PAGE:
AN EVENING IN TORONTO WITH UDO STEINGRAEBER AND THE “PARSIFAL BELLS”

AN EVENING IN TORONTO WITH UDO STEINGRAEBER AND THE  “PARSIFAL BELLS”

Steingraeber Recital. 5.22.13. Adam SherkinPhoto credit: Wayne Ferguson

After a busy season with mainstage shows at the Jane Mallett Theatre and Glenn Gould Studio, I recently had the good fortune to present a recital at the Canadian Music Centre for Udo Steingraeber, the current head of Steingraeber and Sohne piano factory in Bayreuth. Mr. Steingraeber was visiting North America for two weeks to offer lectures and endorsements of his fine, (still!) hand-made instruments from Germany. The Canadian Music Centre welcomed him on the evening of May 22nd to introduce the audience to the new Steingraeber & Söhne Chamber Concert Grand, Model C 2-12 (2nd Generation Franz Liszt) and speak about the Liszt-Wagner connection to both the Steingraeber family and to the city of Bayreuth on what was the date of Wagner’s 200th birthday.

John's poster - Steingraeber Steingraeber - concert  programme

Mr. Steingraeber’s talk and introduction to the recital was wonderfully evocative of late 19th century Bavaria. It glimpsed an upstart piano manufacturer’s relationship with a towering central musical figure of German romanticism. Richard Wagner, (who married Cosima, Franz Liszt’s daughter), often hosted Liszt in Bayreuth and seems to have been gracious enough at Liszt’s efforts in disseminating the German composer’s operas via his pianistic virtuosity. Liszt wrote fifteen piano transcriptions or “paraphrases” on Wagner operas, spanning from 1848 to 1882.  It is the final of these paraphrases, the Solemn March to the Holy Grail from Parsifal (of 1882), that drew my own interest for the Steingraeber recital in Toronto.

It was quickly decided to programme this piece because of the Steingraeber connection to Wagner’s last opera (Parsifal) and the impressive bells which the composer asked the piano factory to construct for him. (Read further, here.) Liszt’s paraphrase not only opens and closes with the four bell notes, (C – G  – A – E), but elaborates on this motif in a kind of interpretive fantasie – rather different than a straightforward transcription.  Other items on this programme included Chopin’s Impromptu, op.36 and some Canadian music for our German guests: Kelly-Marie Murphy’s Star Burning Blue and my own German Promises (chosen for obvious reasons, at least in a programmatic sense!) Despite the virtuoso writing of Canada’s own Mrs. Murphy, the florid, jubilant bounds of Chopin’s inspired F-sharp major impromptu, the charming “Lied ohne worte” by Wagner himself, (written for a young friend in Paris in the 1830’s), it was the bells that captured this audiences’ ears and hearts on May 22nd in Toronto.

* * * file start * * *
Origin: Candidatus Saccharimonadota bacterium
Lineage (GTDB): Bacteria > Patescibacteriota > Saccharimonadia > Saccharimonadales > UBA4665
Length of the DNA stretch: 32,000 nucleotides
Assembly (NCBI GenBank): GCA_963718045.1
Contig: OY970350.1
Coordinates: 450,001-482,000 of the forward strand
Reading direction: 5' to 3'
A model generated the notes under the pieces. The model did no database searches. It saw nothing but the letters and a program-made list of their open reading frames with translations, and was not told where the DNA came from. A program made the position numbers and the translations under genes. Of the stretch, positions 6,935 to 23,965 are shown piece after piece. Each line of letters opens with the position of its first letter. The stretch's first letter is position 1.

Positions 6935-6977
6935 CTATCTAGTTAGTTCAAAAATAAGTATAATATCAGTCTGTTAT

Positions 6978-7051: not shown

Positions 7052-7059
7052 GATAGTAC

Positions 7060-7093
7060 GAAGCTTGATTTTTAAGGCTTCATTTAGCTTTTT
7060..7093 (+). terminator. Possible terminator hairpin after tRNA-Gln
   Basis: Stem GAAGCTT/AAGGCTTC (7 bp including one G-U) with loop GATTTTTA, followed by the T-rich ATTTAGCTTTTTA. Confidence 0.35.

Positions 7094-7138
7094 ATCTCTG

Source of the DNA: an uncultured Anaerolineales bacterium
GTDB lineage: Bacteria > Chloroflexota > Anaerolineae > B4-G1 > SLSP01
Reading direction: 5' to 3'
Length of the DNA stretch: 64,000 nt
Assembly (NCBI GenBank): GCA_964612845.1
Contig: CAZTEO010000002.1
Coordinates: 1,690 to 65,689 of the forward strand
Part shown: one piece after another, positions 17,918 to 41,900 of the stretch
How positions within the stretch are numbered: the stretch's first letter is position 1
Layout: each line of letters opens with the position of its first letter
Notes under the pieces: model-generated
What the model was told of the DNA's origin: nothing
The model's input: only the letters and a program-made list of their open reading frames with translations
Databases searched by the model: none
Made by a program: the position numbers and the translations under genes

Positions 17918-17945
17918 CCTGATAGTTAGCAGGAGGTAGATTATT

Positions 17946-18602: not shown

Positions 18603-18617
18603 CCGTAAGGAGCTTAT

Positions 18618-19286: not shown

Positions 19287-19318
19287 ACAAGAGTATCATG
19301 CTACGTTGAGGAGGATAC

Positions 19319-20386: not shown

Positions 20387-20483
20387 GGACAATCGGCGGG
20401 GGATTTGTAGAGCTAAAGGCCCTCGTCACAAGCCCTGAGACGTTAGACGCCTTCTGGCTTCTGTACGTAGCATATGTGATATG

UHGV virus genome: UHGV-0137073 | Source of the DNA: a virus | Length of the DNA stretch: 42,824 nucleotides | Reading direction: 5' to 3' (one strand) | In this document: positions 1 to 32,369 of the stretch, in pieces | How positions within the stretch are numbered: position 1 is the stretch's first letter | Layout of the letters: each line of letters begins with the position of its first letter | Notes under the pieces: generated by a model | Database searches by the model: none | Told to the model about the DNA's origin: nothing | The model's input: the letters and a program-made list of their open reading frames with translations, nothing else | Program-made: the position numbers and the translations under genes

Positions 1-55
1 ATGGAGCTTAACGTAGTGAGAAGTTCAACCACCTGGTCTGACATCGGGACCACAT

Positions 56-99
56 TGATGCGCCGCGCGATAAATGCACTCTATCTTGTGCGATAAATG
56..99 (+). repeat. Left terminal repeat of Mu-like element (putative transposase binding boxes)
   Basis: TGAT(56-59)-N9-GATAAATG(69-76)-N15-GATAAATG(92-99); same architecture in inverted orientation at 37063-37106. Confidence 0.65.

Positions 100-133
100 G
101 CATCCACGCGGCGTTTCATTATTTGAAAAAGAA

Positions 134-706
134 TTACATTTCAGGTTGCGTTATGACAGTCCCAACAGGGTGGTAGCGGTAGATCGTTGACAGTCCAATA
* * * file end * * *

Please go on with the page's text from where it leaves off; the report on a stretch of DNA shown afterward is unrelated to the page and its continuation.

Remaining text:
Liszt’s Parsifal paraphrase was a new piece for me.  Delighted at the occasion to learn it, I hope that this recent performance will be the first of many. In tracing the Parsifal paraphrase to a complete Dover collection of Wagner transcriptions, I also discovered the somewhat antidotal Ballade from ‘The Flying Dutchman’….a tantalizing pairing?

 

 

 

A.S. June 5th, 2013

Categories: Events

7 Comments

  • Susan Ball says:

    Hi Adam,
    How are you? Remembering your gift of music to Lorna Hughey at Park Manor in Aurora is a gift to me also. What joy you brought to me and others May 11th. Thanks so much. You have a rare talent and move people in a beautiful way. The variety of selections and the way you interpreted them was just perfect. It was no surprise to hear how many hours a day you spend at the piano.
    I want to continue to hear your breathtaking work. I am having a look to see what’s up next for your performing schedule. The entire afternoon is now a treasured memory.
    Sincerely,
    Susan

    • adams says:

      Dear Susan,

      Thank-you very much for your kind words and for being in touch. I am delighted to have met you on May 11th and very touched that you enjoyed the performance so much. I look forward to keeping touch.

      The 2013-2014 Concert Season schedule will be released later this month so please do check back and we will keep you posted about performances in the coming year. Until then, very best wishes to you and I look forward to welcoming you next season.

      Adam

    • Sandeep says:

      Missed the recital but caghut the Liszt thanks to YouTube. Wow! Only she could make a 1000 pound chunk of wood, felt, ivory and steel do that! Go Elizabeth! Wish they would have posted the Chopin and the rest of it

    • adams says:

      Thanks very much for your comments! Here is a link to the entire recital on soundcloud.com, (no Chopin, I’m afraid!): https://soundcloud.com/adamsherkin/sets/an-evening-with-udo

  • Jasmine says:

    Found out in youtube and had to come here to see your future stuff. Anything special in the pipeline we can expect?

  • John says:

    Solemn March to the Holy Grail, from Wagner’s ‘Parsifal’ by Franz Liszt; Adam Sherkin, piano. It is so soothing that it gets difficult to explain.Awesome work.

  • Jeremy says:

    I must say Star Burning Blue track is awesome. Been to your show at Jane Mallett Theatre. You rock.

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